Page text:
Whereas the 2018 Country Reports on Human Rights Practices highlight human rights violations by the Government of Saudi Arabia, including—

(1)

executions for nonviolent offenses;

(2)

forced renditions;

(3)

forced disappearances;

(4)

torture of prisoners and detainees by government agents;

(5)

arbitrary arrest and detention;

(6)

arrest and detention of political prisoners;

(7)

restrictions on the freedoms of peaceful assembly, association, and movement;

(8)

severe restrictions of religious freedom;

(9)

citizens’ lack of ability and legal means to choose their government through free and fair elections;

(10)

trafficking in persons;

(11)

violence and official discrimination against women; and

(12)

criminalization of consensual same-sex sexual activity;

Whereas the 2018 Country Reports on Human Rights Practices also reference an August 2018 study, commissioned by the United Nations High Commissioner for Human Rights, which—

(1)

found that the military coalition led by Saudi Arabia was responsible for the majority of the civilian casualties in Yemen that the United Nations was able to verify from March 2015 to June 2018; and

(2)

concluded that the coalition’s repeated failures to avoid civilian casualties and exercise the proportionate use of military force violate international humanitarian law and may amount to war crimes;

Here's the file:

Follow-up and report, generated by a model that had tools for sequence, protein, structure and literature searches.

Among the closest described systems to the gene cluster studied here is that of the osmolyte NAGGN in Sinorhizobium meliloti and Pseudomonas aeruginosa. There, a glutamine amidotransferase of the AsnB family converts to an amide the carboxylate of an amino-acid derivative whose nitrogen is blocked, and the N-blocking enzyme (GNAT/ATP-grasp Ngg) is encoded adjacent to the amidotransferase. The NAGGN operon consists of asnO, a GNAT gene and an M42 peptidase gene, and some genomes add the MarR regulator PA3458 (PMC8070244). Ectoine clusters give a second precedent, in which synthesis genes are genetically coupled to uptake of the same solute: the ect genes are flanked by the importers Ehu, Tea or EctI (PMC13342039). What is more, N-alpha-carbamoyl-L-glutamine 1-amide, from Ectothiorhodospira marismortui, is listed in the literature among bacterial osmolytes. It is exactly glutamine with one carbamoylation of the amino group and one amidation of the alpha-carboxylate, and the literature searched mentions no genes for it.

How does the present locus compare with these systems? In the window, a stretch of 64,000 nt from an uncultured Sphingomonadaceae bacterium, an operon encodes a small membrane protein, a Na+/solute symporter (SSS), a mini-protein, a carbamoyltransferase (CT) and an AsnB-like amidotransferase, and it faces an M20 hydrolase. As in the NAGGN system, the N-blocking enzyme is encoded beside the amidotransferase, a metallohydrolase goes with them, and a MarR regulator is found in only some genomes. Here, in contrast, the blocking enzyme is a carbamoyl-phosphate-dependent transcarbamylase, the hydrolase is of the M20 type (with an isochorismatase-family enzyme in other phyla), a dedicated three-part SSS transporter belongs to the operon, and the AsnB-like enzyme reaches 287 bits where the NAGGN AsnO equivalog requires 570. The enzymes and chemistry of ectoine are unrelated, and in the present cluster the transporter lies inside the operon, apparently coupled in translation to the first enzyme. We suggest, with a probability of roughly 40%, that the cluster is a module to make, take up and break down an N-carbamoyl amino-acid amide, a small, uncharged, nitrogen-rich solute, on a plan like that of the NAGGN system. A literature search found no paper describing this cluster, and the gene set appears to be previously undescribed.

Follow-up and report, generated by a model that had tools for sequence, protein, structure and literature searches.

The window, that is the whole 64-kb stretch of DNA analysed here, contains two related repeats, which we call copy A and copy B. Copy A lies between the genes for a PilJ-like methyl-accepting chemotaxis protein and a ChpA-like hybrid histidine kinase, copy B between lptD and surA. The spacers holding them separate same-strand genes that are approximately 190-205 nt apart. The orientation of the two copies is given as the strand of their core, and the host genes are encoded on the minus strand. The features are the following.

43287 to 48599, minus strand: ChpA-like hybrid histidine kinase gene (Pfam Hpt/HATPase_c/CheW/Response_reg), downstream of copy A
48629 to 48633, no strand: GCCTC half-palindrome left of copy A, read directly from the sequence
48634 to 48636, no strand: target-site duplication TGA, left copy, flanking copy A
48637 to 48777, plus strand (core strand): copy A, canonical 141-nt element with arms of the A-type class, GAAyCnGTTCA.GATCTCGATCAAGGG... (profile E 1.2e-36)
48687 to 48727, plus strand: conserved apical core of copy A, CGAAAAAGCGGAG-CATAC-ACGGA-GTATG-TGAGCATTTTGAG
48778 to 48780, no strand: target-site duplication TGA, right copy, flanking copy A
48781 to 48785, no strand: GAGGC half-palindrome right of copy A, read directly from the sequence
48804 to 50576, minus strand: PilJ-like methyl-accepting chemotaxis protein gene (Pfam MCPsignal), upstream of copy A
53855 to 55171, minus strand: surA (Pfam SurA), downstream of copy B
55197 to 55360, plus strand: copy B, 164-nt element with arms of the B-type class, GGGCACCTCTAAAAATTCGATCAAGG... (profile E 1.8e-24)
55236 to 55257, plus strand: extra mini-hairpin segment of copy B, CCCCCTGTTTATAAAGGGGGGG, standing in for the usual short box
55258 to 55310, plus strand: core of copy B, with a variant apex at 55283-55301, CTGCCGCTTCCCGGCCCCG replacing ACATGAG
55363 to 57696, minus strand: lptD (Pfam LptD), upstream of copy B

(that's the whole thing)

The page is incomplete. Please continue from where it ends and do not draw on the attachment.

Whereas that study also—

(1)

found that the military coalition restricted the flow of food, medical supplies, and fuel through Yemen’s critical ports of Hudaydah and Mokha, and forced the closure of Sana’a International Airport; and

(2)

stated, Given the severe humanitarian impact that the de facto blockades have had on the civilian population and in the absence of any verifiable military impact, they constitute a violation of the proportionality rule of international humanitarian law.;

Whereas section 620I(a) of the Foreign Assistance Act of 1961 (22 U.S.C. 2378–1(a)), states that no assistance shall be furnished under that Act or the Arms Export Control Act (22 U.S.C. 2751 et seq.) to any country when it is made known to the President that the government of such country prohibits or otherwise restricts, directly or indirectly, the transport or delivery of United States humanitarian assistance;

Whereas subsection (a)(2) of section 502B of the Foreign Assistance Act of 1961 (22 U.S.C. 2304) states that no security assistance may be provided to any country the government of which engages in a consistent pattern of gross violations of internationally recognized human rights; and